365 Reasons to Love Comics #227

by  in Comic News Comment
365 Reasons to Love Comics #227

Ladies and gentlemen, I present to you– my favorite comic strip. (I also present– the archive link.)


227. Dilbert

The problem with writing about my favorite things in this column is that I’m far too close to the material, and never know what to say in order to encompass the full greatness of whatever it is I’m talking about. Today’s column is another such occasion. Scott Adams’ Dilbert is easily my favorite comic strip ever. Let’s see if I can possibly explain why.

First, the history: Dilbert started in 1989. It’s about the titular engineer, who is a hopeless social leper who is incredibly smart, but constantly defeated by society or business. His constant companion is Dogbert, a brilliant talking dog with dreams of world domination in some form or another. The early strips were kinda fun, but Adams hadn’t found his niche yet. It came when he moved most of the strips’ jokes into Dilbert’s office. The strip’s theme shifted to the existential horror of the American workplace.

Lo, the cast of marvelous characters we were introduced to. The idiotic and occasionally despotic Pointy-Haired Boss; the righteous fury that is Alice; the sadistic Catbert, Evil Director of Human Resources; the smart but naive Asok the intern; the stupid and naive Ratbert; Phil, Prince of Insufficient Light; Tina the neurotic technical writer; Ted the generic guy; friendly, wedgie-giving Bob the Dinosaur; the sage, genius Garbageman; the vengeful secretary Carol; the gloriously dim Elbonians; the cheerfully condescending Dilmom; and loads more, from recurring characters to one-offs, turning metaphorical nightmares and monsters of the white collar business world into literal ones. My favorite member of the cast, however, is surely Wally, the lazy, unethical guy who gets by through whatever means necessary.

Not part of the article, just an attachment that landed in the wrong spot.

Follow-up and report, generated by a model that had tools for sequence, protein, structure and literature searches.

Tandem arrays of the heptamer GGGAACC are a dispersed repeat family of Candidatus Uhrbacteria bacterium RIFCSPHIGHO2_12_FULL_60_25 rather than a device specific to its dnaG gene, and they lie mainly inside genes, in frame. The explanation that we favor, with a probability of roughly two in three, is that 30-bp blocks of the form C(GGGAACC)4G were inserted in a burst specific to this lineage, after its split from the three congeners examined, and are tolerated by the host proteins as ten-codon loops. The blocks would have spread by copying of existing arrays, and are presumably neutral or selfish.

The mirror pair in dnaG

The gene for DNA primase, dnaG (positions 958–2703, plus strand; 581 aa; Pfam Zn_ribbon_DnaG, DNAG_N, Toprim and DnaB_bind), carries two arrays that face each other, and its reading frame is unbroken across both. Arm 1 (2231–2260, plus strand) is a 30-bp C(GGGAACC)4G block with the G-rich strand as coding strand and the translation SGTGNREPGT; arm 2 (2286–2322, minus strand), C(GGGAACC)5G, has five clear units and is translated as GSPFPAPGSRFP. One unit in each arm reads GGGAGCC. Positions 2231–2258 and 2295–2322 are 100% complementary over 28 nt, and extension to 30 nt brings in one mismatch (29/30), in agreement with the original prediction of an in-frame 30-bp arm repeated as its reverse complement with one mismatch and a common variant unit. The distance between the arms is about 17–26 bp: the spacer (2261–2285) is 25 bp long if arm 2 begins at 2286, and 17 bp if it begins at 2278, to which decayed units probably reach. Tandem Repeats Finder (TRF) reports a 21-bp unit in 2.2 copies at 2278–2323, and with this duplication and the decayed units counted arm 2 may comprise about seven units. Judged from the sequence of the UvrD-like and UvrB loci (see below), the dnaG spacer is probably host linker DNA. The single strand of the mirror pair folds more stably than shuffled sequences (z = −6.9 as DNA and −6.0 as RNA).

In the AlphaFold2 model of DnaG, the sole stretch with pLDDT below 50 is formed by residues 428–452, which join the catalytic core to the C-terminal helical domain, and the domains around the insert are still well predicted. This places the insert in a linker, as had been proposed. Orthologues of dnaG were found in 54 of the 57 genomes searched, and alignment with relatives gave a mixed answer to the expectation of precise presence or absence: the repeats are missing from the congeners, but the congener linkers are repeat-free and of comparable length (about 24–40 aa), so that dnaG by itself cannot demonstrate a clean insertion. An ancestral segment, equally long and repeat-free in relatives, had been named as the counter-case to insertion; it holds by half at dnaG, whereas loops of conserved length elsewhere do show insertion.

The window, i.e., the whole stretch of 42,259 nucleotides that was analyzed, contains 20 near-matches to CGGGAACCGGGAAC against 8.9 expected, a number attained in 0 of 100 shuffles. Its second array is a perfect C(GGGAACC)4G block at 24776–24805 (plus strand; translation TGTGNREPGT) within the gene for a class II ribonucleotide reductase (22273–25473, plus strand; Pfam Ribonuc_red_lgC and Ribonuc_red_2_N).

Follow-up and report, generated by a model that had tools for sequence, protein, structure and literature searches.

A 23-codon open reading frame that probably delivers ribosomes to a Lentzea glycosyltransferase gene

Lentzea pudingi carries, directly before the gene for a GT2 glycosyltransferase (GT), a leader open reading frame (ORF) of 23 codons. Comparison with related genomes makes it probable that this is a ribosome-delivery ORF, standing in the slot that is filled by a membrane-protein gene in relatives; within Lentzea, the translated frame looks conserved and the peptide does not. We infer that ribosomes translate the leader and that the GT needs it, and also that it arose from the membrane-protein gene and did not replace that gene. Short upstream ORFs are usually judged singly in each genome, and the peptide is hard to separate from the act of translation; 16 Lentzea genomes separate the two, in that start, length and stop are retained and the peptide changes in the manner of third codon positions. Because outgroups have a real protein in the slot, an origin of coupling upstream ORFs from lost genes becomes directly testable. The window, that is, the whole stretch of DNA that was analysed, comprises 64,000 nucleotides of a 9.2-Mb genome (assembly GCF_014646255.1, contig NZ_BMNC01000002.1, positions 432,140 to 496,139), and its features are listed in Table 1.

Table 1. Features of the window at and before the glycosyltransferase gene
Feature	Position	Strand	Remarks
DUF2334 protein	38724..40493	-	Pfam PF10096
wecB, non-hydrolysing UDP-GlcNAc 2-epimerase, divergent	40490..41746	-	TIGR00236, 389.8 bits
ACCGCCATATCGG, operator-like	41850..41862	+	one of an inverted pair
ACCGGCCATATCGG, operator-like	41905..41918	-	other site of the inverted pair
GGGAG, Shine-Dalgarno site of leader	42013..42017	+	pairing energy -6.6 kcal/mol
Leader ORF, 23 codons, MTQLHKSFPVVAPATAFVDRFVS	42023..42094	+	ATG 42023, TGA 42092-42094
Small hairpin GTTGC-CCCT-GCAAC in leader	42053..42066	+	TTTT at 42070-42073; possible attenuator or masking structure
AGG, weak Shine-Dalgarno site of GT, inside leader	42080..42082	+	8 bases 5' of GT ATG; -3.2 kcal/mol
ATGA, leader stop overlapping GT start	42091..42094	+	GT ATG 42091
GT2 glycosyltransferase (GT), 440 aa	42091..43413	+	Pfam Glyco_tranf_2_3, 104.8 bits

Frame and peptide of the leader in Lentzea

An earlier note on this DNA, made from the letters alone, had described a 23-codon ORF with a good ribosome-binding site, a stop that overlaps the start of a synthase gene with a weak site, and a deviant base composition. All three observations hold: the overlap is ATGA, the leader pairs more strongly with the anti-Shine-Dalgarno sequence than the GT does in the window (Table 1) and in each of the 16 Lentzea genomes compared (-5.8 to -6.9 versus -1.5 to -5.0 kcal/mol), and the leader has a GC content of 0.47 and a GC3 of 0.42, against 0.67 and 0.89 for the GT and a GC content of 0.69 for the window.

The art style of the strip is quite simple, used mainly as a way to get the jokes across, but it’s been refined and improved over time into a smooth cartoony line that brings all the characters to life. I like it, myself. And I also love the lettering font. But I’ve always had an eye for lettering.

I flipped through my Dilbert collections today to cherry-pick some good strips to showcase. I ended up laughing my butt off, again, even after having read these strips several times before. For a good many years, Dilbert was absolutely hilarious every single day. Naturally, it’s tough picking but a few strips to show you, but I did my best. It’s hard picking a favorite, but I might have to go with this one:

Yes. Anyway, here comes another parade of Dilbert goodness (click to enlarge, of course):

Dilbert became a huge hit in offices around America, and has turned into a multimedia empire, giving us toys, calendars, computer games, and all sorts of stuff. Scott Adams also used Dilbert to write humorous books about the worlds of business and technology like The Dilbert Principle and The Dilbert Future. The strip was also spun off into an animated series that was actually fantastic; yes, so Dilbert had a mouth, okay, but it was really funny and unfortunately short-lived. It is, however, available on DVD, which is cool.

There are countless collections of the strip out there. Looking for a good one to jump into the world of Dilbert with? I recommend “Seven Years of Highly Defective People,” a fun kind of “greatest hits” from the first several years of the strip that includes loads of commentary from Adams. A lot of the samples above came from that one. And read the strip every day in your daily paper, if you can! I make sure it’s e-mailed to me so that I never miss an installment. Dilbert is far too precious.

For more on the strip, there’s the official Dilbert site and the Dilbert blog written by Scott Adams. Those are all you really need in the war against Induhviduals. As usual for this Comic Strip Week, all the images are copyright Scott Adams. Thanks to the Dilbert strip, mankind’s stupidity has never been funnier. Thank God for that.

365 Reasons to Love Comics #227